"I didn't want to," I told Rick. "I had to. If he heard it on the news, his reaction would have been worse."
"You know, that's progress. A few months ago, you wouldn't have had the balls to face him."
"Cold comfort," I said. "A few months ago, Butch wouldn't have had the balls to break a dining-room chair."
"We all grow," Rick said.
"You know, you are a helluva lot of help sometimes."
"We all grow."
"Stop it! Tell me what to do."
"Easy does it."
"If that works for you."
"C'mon," I said. "I need some help here."
"You c'mon," he said. "You're not even a year sober, and you're still on step what-is-it?"
"Six, I guess."
"So you're son suddenly looks a lot like you, and you panic. Welcome to parenthood. From what you tell me, you don't have a lot of experience at it."
"Got that right, I never got the memo."
Sunday, November 15, 1964Yesterday could have been worse. Butch and Sissy got to go to the football game, thanks to the generosity of the Holy Cross Fathers. The game, which Notre Dame won thanks to Alan Page and the defense, took the edge off of Butch's anger at me and his historical disappointment about football. The year before he had cried when Notre Dame lost to Michigan State. Beating the Spartans 28-zip was sweet revenge.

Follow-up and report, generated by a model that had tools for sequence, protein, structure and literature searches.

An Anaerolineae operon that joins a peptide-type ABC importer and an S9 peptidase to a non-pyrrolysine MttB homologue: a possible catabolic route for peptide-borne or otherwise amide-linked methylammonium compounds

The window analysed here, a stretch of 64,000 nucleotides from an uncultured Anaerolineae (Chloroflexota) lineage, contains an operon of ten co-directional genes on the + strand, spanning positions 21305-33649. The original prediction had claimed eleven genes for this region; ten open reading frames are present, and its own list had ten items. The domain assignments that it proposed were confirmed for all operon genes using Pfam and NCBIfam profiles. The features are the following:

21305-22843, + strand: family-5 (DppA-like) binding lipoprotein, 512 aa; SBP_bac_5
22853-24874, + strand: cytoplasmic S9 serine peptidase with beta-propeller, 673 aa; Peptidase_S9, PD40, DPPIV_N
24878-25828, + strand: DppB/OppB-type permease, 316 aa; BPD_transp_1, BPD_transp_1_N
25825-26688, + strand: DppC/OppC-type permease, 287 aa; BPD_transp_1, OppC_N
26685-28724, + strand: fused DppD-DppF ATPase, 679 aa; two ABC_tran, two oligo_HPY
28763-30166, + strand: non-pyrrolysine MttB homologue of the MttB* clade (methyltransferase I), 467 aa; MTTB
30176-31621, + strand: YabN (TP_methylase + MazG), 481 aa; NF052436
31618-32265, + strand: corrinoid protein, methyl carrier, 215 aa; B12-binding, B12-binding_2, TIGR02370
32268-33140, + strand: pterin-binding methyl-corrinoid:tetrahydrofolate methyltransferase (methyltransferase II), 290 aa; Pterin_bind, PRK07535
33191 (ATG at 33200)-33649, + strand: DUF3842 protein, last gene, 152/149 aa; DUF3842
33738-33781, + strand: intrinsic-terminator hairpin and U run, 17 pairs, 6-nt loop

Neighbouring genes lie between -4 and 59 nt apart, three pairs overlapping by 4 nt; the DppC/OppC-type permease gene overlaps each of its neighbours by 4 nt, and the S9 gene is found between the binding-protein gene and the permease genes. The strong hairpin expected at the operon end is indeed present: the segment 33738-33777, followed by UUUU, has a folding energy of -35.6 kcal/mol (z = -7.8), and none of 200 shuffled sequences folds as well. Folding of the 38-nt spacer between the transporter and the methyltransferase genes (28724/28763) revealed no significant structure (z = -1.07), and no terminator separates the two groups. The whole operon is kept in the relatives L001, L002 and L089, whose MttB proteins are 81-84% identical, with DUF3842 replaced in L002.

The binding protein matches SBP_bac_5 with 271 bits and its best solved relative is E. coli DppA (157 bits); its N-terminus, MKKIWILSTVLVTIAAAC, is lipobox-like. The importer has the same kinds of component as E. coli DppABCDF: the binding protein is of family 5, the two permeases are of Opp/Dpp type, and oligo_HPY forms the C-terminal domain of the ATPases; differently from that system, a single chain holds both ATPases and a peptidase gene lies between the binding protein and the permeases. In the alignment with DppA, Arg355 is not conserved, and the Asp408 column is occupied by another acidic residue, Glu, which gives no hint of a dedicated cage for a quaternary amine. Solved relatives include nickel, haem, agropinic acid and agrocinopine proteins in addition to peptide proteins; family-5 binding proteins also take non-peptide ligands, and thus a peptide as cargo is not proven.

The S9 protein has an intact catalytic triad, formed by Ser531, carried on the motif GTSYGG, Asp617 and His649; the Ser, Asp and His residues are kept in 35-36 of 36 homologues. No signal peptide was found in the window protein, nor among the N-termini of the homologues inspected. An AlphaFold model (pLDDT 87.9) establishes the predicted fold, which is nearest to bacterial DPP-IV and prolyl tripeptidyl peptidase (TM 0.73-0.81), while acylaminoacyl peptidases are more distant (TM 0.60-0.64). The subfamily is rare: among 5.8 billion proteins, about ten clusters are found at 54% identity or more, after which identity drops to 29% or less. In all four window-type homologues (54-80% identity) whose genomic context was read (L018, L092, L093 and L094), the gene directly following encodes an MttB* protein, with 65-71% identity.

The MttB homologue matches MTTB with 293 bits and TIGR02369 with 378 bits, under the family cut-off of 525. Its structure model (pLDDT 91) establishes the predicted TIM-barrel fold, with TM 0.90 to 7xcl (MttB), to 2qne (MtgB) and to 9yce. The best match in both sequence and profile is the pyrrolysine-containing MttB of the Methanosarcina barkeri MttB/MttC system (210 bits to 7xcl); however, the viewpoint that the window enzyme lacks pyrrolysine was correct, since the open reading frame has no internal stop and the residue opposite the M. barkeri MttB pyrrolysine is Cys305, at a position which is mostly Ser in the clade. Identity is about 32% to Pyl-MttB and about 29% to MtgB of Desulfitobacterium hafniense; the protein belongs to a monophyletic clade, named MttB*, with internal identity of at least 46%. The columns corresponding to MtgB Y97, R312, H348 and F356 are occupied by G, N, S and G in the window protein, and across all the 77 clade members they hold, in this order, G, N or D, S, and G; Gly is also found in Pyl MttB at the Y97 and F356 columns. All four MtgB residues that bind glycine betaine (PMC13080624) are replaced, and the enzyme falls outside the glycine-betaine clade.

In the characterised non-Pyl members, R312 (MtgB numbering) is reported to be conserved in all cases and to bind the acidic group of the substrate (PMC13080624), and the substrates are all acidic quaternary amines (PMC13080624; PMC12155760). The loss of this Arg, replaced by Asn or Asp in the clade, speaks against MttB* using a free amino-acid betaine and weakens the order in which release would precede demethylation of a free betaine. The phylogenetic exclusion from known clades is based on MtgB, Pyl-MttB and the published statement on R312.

Sissy was less excited, the victory having taken her place at center stage. She found her footing at the after-game soiree, though. I thought there might be talk about Dingo Dave, but both Sissy and Butch reported that the seminarians were focused on the victory. Dingo Dave seemed to have been forgotten.
Sarah said little when I dropped the kids off, but she did give me a parting kiss, a peck on the lips. I left for another meeting, savoring and wondering at the small but clear display of affection.
Today featured a meeting with Eli at his house, in mid-afternoon. It wasn't a meal, but his wife served up some Moroccan mint tea and some kind of honey-based sweet.
"So what have you got to tell me?" I asked.
"First, I'll reiterate what I told the staff on Friday," he said. "This was a good outcome, about as good as could be expected. It's a light sentence, considering that his behavior—or so everyone thinks—resulted in the death of another human being."